Worldwide losses from the American credit crisis could near $1 trillion, the International Monetary Fund said yesterday, reflecting the massive cost of the breakdown in markets for home mortgages and other kinds of debt.
There was a recent report that the problem of the defaults on sub prime loans was two fold: first, mortgage companies lending money based on the financial statement made by the buyer and second; the falsification of income by the buyer.
This means that lending agencies allowed loans to home buyers who were not credit worthy and the risk of defaulting was very high when they borrowed the money.
Now the inevitable huge bankruptcies of home buyers in America has led to major financial meltdown in the United States with severe negative implications in the global financial markets.
The IMF estimated that banks, insurance companies, pension funds, and other kinds of investors will suffer huge losses: $565 billion on U.S. home mortgages, $240 billion on debt backed by commercial real estate such as office buildings and shopping centers, $120 billion on corporate loans such as those used to acquire businesses, and $20 billions on consumer loans such as credit cards.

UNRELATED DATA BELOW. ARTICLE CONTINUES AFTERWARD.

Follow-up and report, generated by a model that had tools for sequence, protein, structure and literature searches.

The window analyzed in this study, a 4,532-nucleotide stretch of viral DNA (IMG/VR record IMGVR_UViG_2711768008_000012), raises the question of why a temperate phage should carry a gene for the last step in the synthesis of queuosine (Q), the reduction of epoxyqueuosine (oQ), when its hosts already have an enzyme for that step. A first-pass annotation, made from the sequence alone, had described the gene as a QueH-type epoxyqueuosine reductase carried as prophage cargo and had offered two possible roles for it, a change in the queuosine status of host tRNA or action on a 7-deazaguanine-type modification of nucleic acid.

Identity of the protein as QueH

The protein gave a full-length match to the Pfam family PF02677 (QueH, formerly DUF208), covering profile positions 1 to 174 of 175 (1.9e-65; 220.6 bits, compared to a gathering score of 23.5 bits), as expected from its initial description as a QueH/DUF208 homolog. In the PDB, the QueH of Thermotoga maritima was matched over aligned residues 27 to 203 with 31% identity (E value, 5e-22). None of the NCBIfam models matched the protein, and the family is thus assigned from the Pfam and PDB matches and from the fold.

Those figures add up to $945 billion in losses expected within two years. That would be about $143 for every person on Earth, or $3,100 for every U.S. resident.
Irresponsible behaviour of people borrowing, banks lending without sufficient credit checks and lack of adequate oversight by the US government has unleashed gigantic financial looses, the full extent of the pain and dislocation is hard to comprehend as yet.